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Ammonia borane

Ammonia borane
IUPAC name Ammonia borane
CAS number 13774-81-7
RTECS number none
Molecular formula H6NB
Molar mass 30.86534 g/mol
Appearance colorless, waxy solid
Density 0.780 g/cm3
Melting point

104 C °C

Boiling point


Solubility in water good
Solubility in other solvents MeOH, Et2O
Crystal structure I4mm (tetragonal, >200K)
Dipole moment 5.2 D
Main hazards flammable
R-phrases 5
S-phrases 14-15-26-36/37/39
Related Compounds
Related compounds NaBH4,
BH3, C2H6
Except where noted otherwise, data are given for
materials in their standard state
(at 25 °C, 100 kPa)

Infobox disclaimer and references

Ammonia borane is the chemical compound with the formula H3NBH3. The species is the most fundamental molecular boron-nitrogen compound and has attracted recent attention as a stable storage medium for hydrogen.



Reaction of diborane with ammonia mainly gives the diammoniate salt [H2B(NH3)2]+, (BH4). Ammonia borane is the main product when an adduct of borane is employed in place of diborane:[1]

BH3(THF) + NH3 → BH3NH3 + THF

Properties and structure

It can be described as an hydride of nitrogen and boron, but its behavior indicates that the H atoms attached to boron are hydridic and those attached to nitrogen are somewhat acidic. It is a solid, formally isoelectronic with ethane. Obviously its similarity to ethane is tenuous since borane-ammonia is a solid and ethane is a gas (m.p. −181 °C), their melting points differing by 284 °C. Understanding this difference has been the subject of an ongoing discussion for many years.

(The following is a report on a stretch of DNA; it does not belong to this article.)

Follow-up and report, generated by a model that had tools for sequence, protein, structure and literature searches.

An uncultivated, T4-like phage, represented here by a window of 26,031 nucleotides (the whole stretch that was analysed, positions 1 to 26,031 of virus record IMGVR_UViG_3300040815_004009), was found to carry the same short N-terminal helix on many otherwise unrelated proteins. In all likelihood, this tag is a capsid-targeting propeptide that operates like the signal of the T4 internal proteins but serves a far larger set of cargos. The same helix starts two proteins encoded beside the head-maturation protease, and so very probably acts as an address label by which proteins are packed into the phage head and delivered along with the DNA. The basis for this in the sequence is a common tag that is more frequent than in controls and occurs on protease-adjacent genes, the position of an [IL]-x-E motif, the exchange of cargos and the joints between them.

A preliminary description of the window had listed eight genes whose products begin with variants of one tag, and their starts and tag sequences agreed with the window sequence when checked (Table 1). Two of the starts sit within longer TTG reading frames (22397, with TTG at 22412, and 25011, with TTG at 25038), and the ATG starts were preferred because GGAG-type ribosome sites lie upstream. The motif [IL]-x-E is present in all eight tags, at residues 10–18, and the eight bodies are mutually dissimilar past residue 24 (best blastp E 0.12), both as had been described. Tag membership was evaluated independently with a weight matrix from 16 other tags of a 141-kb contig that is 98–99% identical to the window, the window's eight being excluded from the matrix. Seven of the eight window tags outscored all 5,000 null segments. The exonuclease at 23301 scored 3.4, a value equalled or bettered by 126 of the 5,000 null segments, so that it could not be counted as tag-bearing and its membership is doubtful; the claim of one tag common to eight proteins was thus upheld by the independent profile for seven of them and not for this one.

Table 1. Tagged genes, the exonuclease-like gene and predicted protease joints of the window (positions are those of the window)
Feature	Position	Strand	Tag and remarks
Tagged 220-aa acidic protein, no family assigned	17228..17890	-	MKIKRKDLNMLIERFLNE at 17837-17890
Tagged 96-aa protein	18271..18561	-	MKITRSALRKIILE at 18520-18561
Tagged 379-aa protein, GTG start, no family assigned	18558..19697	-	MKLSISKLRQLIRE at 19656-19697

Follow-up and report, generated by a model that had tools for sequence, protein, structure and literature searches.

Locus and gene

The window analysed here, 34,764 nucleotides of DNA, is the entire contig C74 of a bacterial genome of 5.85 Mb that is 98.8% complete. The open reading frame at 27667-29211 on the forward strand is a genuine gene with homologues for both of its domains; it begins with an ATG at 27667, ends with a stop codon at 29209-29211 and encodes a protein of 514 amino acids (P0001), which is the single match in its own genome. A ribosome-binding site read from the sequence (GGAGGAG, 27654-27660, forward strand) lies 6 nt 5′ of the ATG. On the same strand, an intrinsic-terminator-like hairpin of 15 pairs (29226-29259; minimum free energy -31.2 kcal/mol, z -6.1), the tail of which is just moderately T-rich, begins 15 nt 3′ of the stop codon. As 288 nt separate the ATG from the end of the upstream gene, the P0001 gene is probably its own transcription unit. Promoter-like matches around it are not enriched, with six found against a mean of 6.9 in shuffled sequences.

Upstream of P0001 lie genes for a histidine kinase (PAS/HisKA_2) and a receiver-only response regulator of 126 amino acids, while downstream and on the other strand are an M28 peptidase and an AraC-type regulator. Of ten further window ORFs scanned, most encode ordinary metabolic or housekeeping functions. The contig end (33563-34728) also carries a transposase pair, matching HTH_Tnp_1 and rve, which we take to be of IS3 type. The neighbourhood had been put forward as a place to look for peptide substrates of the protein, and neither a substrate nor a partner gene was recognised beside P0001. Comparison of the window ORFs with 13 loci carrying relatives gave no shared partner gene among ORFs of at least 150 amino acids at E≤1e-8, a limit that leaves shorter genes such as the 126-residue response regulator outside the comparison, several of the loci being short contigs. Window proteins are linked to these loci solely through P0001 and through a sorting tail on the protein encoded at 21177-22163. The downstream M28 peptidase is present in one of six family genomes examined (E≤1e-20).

The B-N distance is 1.58(2) Å. The B-H and N-H distances are 1.15 and 0.96 Å, respectively.

The structure of the solid indicates a close association of the NH and the BH centers.[2] The original crystallographic analysis of this compound reversed the assignments of B and N. The updated structure was arrived at with improved data using the technique of neutron diffraction that allowed the hydrogen atoms to be located with greater precision.


Ammonia borane has been suggested as a source of hydrogen for use in motor vehicles as it can be made to release hydrogen on heating, being polymerized first to (NH2BH2)n, and then to (NHBH)n.[3]

Borane-ammonia finds some use in organic synthesis as an air-stable derivative of diborane.[4]


  1. ^ Shore, S. G.; Boeddeker, K. W. “Large Scale Synthesis of H2B(NH3)2+BH4 and H3NBH3. Inorganic Chemistry 1964, volume 3, pages 914-15. DOI: 10.1021/ic50016a038
  2. ^ Klooster, W. T.; Koetzle, T. F.; Siegbahn, P. E. M.; Richardson, T. B.; Crabtree, R. H., "Study of the N-H...H-B Dihydrogen Bond Including the Crystal Structure of BH3NH3 by Neutron Diffraction", Journal of the American Chemical Society, 1999, volume 121, pages 6337-6343. DOI: 10.1021/ja9825332. Boese, R.; Niederprüm, N.; Bläser, D. In "Molecules in Natural Science and Medicine; Maksic, Z. B., Eckert-Masic, M., Eds.; E. Horwood: Chichester, England, 1992.
  3. ^ "Hydrogen gets on board", Maciej Gutowski and Tom Autrey, Royal Society of Chemistry
  4. ^ Andrews, G. C. "Borane–Ammonia" in Encyclopedia of Reagents for Organic Synthesis (Ed: L. Paquette) 2004, J. Wiley & Sons, New York. DOI: 10.1002/047084289.
This article is licensed under the GNU Free Documentation License. It uses material from the Wikipedia article "Ammonia_borane". A list of authors is available in Wikipedia.
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